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on devoting his talents, which are so well fitted for the task, to the moral elevation of his fellow-men. Let us respectfully remind him that the Romans at first had a joint temple dedicated to virtue and honour, and afterwards, when they allotted separate fanes to them, they were so placed that no one could enter the temple of honour without passing through that of virtue. And let us kindly part with him in the words of the poet of immortality,

"Virtue alone out-builds the Pyramids;
Her monuments shall last when Egypt is no more.'

This elaborately severe reprehension of certain marked tendencies of the writings, while rendering the amplest homage to the genius of Dickens, may possibly be looked upon by southern admirers of the great novelist as only an amusing illustration of Scottish narrowness. Our Gallic neighbours have a theory, that English thought partakes of the limitation and isolation of England's soil. Something very similar to prepossessions which on the further shores of the straits of Dover are found so freely cherished respecting Albion, would seem to have taken possession of Englishmen regarding Scotland. Such of our countrymen as wander south and get metamorphosed into cockneys, may be permitted to pronounce upon the merits of southern authors; but criticism by a Scotchman who has not crossed the border, is for the most part looked upon, not in the light of its own merits, but through the blinding mists of national prejudices. That Hugh Miller's opinion of Dickens is an opinion pretty prevalent among the more reflective portion of Scotchmen does not, we presume, admit of doubt, however much southern friends may dispute the competency of Scottish taste to decide on English wit.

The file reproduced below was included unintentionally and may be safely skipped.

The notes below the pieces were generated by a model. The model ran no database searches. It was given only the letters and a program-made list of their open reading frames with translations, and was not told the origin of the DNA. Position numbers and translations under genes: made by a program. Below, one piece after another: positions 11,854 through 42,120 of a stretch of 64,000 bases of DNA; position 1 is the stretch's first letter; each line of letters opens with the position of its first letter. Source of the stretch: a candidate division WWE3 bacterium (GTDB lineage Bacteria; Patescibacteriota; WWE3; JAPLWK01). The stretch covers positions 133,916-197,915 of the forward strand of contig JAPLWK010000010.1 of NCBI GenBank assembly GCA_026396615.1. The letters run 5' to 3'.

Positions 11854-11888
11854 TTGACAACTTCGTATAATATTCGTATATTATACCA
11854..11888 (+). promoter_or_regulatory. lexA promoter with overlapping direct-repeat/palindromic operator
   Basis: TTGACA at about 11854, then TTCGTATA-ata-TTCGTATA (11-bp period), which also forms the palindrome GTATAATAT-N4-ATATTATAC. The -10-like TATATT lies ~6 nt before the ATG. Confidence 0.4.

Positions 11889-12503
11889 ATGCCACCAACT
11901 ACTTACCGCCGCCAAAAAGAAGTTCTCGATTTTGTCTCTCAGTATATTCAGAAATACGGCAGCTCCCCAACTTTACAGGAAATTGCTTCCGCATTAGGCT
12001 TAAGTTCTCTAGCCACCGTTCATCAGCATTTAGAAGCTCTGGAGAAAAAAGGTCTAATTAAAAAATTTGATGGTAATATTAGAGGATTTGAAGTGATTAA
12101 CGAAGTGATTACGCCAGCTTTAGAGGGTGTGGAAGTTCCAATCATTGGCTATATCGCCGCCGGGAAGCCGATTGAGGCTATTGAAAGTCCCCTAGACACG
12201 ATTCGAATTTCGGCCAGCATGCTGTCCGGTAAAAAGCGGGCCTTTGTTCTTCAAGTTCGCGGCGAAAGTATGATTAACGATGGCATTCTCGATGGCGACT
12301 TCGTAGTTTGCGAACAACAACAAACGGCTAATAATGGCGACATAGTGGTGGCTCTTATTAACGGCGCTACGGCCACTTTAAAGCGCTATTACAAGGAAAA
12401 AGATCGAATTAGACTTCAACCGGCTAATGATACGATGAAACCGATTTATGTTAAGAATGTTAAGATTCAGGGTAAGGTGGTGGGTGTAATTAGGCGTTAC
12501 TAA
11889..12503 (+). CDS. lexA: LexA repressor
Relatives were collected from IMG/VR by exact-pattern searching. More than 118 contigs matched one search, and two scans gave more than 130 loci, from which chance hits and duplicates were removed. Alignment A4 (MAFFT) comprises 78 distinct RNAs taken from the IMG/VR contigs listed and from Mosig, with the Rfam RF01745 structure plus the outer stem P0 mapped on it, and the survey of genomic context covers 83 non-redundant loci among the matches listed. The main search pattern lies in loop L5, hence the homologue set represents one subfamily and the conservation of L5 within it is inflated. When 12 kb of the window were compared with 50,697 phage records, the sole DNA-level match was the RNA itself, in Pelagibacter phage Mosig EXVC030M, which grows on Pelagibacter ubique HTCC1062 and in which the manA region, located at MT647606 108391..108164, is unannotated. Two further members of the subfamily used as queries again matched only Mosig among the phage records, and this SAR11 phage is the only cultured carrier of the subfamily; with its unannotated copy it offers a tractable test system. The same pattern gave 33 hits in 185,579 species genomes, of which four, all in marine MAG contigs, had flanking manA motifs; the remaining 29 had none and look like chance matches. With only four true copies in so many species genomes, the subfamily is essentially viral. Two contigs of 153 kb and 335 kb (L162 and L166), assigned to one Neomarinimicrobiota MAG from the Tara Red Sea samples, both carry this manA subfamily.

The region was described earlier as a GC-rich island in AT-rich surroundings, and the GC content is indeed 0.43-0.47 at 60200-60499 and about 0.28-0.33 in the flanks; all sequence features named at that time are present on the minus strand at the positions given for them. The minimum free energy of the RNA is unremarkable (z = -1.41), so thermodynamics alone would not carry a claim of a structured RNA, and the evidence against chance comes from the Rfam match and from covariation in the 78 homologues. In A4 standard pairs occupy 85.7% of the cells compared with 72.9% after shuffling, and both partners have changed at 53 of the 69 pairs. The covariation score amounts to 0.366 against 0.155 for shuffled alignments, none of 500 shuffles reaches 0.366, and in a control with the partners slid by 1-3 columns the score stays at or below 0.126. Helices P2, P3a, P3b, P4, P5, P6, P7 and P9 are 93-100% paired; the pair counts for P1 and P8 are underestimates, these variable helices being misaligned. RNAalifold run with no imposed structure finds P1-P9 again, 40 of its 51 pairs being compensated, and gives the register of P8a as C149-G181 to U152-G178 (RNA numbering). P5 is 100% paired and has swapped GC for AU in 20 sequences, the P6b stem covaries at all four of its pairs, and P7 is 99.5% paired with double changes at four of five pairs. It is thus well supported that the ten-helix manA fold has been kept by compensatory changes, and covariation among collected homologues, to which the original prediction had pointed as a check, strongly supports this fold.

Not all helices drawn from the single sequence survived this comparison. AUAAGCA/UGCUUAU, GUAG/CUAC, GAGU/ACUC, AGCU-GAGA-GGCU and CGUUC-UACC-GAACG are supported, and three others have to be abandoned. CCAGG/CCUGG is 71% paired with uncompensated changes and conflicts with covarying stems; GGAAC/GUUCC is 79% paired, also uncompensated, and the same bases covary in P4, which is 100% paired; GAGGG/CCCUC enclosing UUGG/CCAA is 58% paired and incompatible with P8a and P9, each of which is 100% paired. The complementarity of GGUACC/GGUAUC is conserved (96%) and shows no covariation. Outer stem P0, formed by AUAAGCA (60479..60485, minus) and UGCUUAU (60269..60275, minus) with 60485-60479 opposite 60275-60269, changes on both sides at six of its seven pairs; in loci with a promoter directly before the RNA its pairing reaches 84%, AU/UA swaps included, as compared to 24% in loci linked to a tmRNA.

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We should not, perhaps, be disposed altogether to acquiesce in the charge of pandering to a debased popular sentiment, which if not directly made, is rather broadly hinted as a sin of the novelist. Dickens is, we believe, in this respect altogether above suspicion. The author who has not stooped to humour throne,” is not likely to be guilty of any mean compliances to humour the mob. The truth is, Dickens owes his immense popularity to the fact, that at once in his faults and excellencies, his strength and weakness, he is a perfect representative of the English mind, minus the theological element; and so feeble is that element in a large section of Englishmen, its absence from the writings of their favourite author is hardly felt. But while this is the condition of England, Scotland has been, so to speak, saturated with theology; and to a man like Hugh Miller, on whom almost a double portion of the national tendency and predilection had fallen, nothing was more natural than to imagine what never, unless by design and the most studied intention, could be overlooked or misrepresented by himself, must have been intentionally misrepresented by the novelist.